email@example.com | January 5, 2023 | Car Accidents
Missouri is considered an “at fault” state for car accident claims. Therefore, you must prove liability before you can hold someone financially responsible for damages. Proving liability can be challenging, especially when fighting a large insurance company determined to avoid paying your car accident claim.
What Does Liability for a St. Louis Car Accident Mean?
Liability is holding someone legally responsible for the consequences of their actions or inactions. Under Missouri tort laws, a driver can be held responsible for damages when the driver causes a car crash.
We base liability on what a “reasonable person” would do in a similar situation. Therefore, if the driver’s actions fell short of what a reasonable person would do in the same situation, a jury could find the driver liable for damages.
However, proving that the driver’s actions failed to meet the “reasonable person” standard is not sufficient to create liability. Instead, you must prove the elements of negligence to create liability for damages.
Proving negligence requires that you have sufficient evidence to establish the following:
- Duty – The other driver owed you a duty of care (i.e., to use reasonable care to avoid causing a traffic accident)
- Breach of Duty – The driver breached the duty of care because of their conduct (i.e., driving intoxicated, failing to obey traffic laws, etc.)
- Causation – The driver’s conduct was the direct and proximate cause of the accident (i.e., the driver ran a red light, made an improper lane change, etc.)
- Damages – You sustained damages because of the driver’s breach of duty.
The driver does not have to break a traffic law to be liable for damages. However, you must show that the driver’s conduct “caused” the accident to hold them liable for damages.
What Are Damages in a St. Louis Car Accident Case?
Compensatory damages include financial losses (economic damages) and pain and suffering (non-economic damages). The damages “compensate” you for your losses caused by the accident.
Examples of damages in a car accident claim include:
- Medical bills and expenses, including the cost of rehabilitative and physical therapy
- The cost of skilled care and personal care, including help with household chores and childcare
- The loss of income, benefits, and wages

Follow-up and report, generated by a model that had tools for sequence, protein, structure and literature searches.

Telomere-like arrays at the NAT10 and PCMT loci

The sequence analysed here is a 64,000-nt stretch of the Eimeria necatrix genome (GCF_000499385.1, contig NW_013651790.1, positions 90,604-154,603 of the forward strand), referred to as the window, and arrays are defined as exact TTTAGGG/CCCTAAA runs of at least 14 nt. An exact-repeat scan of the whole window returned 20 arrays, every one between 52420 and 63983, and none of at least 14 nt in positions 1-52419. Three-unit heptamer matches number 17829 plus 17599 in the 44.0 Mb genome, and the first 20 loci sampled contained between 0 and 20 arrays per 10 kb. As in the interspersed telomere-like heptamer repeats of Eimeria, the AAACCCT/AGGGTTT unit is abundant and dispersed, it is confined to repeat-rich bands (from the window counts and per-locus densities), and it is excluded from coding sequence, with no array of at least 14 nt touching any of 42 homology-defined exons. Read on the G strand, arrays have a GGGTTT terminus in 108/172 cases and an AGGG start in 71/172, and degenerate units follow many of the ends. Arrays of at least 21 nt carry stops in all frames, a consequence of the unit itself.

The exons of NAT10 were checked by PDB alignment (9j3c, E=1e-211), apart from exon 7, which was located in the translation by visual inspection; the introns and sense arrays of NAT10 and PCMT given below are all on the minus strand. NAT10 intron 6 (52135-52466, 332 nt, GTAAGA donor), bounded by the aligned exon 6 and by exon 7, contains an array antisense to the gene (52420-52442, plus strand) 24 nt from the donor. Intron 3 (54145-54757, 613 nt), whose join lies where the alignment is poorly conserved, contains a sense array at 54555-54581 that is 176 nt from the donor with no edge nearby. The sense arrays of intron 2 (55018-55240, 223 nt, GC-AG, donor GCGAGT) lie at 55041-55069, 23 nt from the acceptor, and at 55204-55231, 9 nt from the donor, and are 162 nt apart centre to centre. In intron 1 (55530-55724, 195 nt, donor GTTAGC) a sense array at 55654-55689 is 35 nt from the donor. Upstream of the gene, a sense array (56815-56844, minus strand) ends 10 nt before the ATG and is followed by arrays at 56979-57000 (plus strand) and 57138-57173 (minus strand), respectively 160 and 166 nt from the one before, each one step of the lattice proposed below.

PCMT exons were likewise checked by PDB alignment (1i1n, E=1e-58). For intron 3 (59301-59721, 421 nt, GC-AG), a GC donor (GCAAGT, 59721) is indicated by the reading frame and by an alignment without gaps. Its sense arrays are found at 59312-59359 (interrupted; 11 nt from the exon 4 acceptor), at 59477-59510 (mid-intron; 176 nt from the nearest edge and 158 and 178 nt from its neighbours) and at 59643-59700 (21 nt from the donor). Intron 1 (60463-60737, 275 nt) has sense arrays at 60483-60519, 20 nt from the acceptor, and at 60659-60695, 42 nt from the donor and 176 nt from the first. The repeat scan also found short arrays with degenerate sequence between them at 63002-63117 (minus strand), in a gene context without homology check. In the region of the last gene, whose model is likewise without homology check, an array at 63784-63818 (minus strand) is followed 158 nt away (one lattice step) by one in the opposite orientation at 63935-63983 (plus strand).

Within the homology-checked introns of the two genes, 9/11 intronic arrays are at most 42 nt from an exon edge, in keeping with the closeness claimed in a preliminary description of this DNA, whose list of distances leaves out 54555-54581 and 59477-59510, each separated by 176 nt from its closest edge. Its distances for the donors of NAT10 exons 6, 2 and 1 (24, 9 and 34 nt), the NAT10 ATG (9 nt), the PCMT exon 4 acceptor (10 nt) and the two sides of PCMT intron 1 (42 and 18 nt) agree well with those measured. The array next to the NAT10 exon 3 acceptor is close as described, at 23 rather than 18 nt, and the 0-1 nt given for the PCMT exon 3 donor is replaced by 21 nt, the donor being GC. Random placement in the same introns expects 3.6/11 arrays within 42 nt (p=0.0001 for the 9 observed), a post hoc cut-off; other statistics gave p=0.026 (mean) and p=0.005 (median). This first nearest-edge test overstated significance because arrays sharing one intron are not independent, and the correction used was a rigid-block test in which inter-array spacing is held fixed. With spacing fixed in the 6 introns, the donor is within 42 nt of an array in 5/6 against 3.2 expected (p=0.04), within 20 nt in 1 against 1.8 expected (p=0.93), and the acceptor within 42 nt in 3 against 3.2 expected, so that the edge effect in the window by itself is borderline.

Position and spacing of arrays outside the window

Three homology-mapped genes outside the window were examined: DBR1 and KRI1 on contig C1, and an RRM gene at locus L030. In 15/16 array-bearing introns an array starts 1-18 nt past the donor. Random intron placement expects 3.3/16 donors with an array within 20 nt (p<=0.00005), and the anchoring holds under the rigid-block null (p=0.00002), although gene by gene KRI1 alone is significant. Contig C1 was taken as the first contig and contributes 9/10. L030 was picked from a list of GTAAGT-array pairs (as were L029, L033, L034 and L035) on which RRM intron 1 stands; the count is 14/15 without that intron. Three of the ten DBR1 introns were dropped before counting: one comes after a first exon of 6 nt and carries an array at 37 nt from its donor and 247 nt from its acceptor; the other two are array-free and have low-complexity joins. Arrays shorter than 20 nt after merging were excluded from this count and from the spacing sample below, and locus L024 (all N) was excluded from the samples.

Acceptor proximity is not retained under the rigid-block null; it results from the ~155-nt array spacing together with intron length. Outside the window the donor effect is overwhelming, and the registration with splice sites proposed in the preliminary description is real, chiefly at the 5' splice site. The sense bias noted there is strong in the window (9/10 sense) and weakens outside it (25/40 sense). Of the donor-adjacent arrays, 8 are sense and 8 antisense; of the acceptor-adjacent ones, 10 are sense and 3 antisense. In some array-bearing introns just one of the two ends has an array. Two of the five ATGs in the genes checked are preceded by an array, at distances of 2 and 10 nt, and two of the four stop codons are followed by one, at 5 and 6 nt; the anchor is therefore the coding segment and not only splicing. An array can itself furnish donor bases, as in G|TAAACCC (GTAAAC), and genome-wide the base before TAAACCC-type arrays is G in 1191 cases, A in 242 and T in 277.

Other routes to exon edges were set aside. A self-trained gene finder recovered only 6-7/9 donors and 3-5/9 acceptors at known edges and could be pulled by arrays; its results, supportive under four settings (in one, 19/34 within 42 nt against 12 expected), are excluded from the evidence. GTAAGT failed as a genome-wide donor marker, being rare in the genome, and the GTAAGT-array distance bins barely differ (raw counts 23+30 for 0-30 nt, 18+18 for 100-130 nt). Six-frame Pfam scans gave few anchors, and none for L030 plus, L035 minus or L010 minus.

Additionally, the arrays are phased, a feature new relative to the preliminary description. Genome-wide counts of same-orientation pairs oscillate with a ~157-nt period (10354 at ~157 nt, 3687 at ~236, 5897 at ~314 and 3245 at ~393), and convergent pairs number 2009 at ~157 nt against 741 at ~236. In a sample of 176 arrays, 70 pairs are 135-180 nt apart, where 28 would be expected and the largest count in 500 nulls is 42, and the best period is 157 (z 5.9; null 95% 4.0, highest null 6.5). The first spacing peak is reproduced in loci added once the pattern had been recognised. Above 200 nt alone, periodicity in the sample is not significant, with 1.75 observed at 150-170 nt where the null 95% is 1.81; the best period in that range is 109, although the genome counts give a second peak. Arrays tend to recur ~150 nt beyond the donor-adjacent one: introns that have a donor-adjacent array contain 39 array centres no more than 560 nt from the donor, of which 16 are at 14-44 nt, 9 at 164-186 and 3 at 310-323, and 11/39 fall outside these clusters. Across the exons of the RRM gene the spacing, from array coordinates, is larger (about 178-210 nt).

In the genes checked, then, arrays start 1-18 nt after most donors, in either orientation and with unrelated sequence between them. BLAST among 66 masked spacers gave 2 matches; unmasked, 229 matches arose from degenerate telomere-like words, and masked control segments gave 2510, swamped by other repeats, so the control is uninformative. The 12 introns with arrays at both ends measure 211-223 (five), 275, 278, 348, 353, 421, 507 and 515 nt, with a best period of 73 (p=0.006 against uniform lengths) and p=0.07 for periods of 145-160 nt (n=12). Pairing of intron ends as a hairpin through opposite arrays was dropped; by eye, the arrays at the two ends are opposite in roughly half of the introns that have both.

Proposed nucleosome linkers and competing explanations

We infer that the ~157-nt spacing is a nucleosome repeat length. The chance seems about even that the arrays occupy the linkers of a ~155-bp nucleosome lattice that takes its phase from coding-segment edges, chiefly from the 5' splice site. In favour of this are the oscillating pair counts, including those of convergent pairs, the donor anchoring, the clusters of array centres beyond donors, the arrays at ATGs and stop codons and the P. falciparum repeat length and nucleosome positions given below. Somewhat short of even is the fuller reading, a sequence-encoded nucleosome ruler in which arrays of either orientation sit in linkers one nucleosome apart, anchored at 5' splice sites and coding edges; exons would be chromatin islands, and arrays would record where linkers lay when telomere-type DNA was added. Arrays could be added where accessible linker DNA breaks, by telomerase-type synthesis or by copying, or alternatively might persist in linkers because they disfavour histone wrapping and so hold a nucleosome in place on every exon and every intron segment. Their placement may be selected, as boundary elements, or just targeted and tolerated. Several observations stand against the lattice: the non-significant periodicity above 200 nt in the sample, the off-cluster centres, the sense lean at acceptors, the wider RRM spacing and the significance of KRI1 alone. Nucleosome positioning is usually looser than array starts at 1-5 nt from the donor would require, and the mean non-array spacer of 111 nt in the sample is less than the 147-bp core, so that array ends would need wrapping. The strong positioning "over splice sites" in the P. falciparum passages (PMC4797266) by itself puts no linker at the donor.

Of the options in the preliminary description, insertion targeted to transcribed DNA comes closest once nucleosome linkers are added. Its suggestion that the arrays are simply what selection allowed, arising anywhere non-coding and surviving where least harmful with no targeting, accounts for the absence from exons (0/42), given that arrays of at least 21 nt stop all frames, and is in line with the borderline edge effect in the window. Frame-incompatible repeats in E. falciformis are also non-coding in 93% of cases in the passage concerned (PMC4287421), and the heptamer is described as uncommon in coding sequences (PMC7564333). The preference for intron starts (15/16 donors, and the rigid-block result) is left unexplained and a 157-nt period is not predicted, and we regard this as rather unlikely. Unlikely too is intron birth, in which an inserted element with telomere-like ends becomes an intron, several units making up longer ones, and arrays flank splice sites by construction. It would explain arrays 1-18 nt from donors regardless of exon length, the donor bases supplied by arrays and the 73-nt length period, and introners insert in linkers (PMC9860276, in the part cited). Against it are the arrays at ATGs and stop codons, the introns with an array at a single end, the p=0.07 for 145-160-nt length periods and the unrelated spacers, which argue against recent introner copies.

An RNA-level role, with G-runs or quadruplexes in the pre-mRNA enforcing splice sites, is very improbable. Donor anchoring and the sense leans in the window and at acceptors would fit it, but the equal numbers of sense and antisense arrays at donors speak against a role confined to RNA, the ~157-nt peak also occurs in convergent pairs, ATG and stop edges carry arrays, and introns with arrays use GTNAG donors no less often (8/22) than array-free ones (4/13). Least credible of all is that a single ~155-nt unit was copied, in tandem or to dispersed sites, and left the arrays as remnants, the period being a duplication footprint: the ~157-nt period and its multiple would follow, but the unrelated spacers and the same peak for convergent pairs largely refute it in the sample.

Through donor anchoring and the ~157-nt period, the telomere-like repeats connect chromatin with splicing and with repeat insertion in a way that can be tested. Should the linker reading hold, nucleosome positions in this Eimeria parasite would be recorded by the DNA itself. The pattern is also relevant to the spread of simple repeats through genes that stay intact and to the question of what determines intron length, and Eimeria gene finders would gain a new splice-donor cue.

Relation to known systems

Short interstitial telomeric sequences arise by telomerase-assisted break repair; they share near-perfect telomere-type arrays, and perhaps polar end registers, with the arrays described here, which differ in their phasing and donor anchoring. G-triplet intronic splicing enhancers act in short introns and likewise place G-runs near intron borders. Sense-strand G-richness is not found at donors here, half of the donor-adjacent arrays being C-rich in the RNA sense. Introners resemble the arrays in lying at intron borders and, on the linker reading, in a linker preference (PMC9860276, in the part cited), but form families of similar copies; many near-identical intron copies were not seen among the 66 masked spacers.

- Out-of-pocket expenses and costs
- Future lost wages and decreases in future earning capacity
- Physical pain and discomfort
- Loss of enjoyment of life and quality of life
- Emotional distress
- Scarring and disfigurement
- Mental anguish
- Permanent disabilities and impairments
In addition to compensatory damages, some accident victims might receive punitive damages. However, juries only award punitive damages in a small number of personal injury lawsuits. The damages “punish” the defendant for conduct that exceeds general negligence.
What Happens After You Establish Liability for a Car Accident Claim?
Missouri drivers must have a minimum amount of car insurance. All drivers must have at least $25,000 in bodily injury liability insurance ($50,000 per accident) and $25,000 in property damage liability insurance.
Liability insurance compensates accident victims for their damages. However, there are a few things to keep in mind about car accident insurance claims:
- The insurance company is only liable for damages up to the policy limits
- You have the burden of proving the insured driver caused the car accident
- You have the burden of proving the damages you sustained and the value of those damages
Many people assume they automatically receive compensation when they file a claim with the at-fault driver’s car insurance company, especially when a police officer charges the other driver with a traffic offense. However, insurance companies fight claims. The goal is to avoid paying the claim or pay the lowest amount possible to resolve the claim.
Insurance Companies Fight Liability and Damage Claims
The insurance adjuster might use statements you make during an interview or immediately after the accident to accuse you of contributing to the cause of the accident. Contributory fault laws reduce the amount an injured person receives for damages if the injured person contributed to the cause of the crash.
For example, suppose a jury finds that your actions contributed to the cause of the crash by 20 percent. In that case, you are only entitled to an amount equal to 80 percent of your damages.
Another common tactic to fight liability and damages is accusations of failing to mitigate damages. Accident victims have a duty to take reasonable steps to minimize damages. Delays in medical care and failing to follow your doctor’s treatment plan could be used to argue your damages are worse because of your actions.
An Experienced St. Louis Car Accident Attorney Can Help
Questions of liability and damages after a car accident can be confusing. Insurance companies work hard to avoid paying victims the money they deserve. Hiring an experienced St. Louis car accident lawyer to handle the legal matters of a personal injury case gives you the resources you need to fight for the money you deserve.
Contact Our Car Accident Law Firm in St. Louis, MO
If you’ve been injured in a car accident, please contact Schultz & Myers Personal Injury Lawyers at the nearest location to schedule a free consultation today:
St. Louis, MO Law Office
1430 Washington Ave Ste 225, St. Louis, MO 63103
Ladue, MO Law Office
9807 S 40 Dr, St. Louis, MO 63124
Creve Coeur, MO Law Office
999 Executive Pkwy Dr #205, Creve Coeur, MO 63141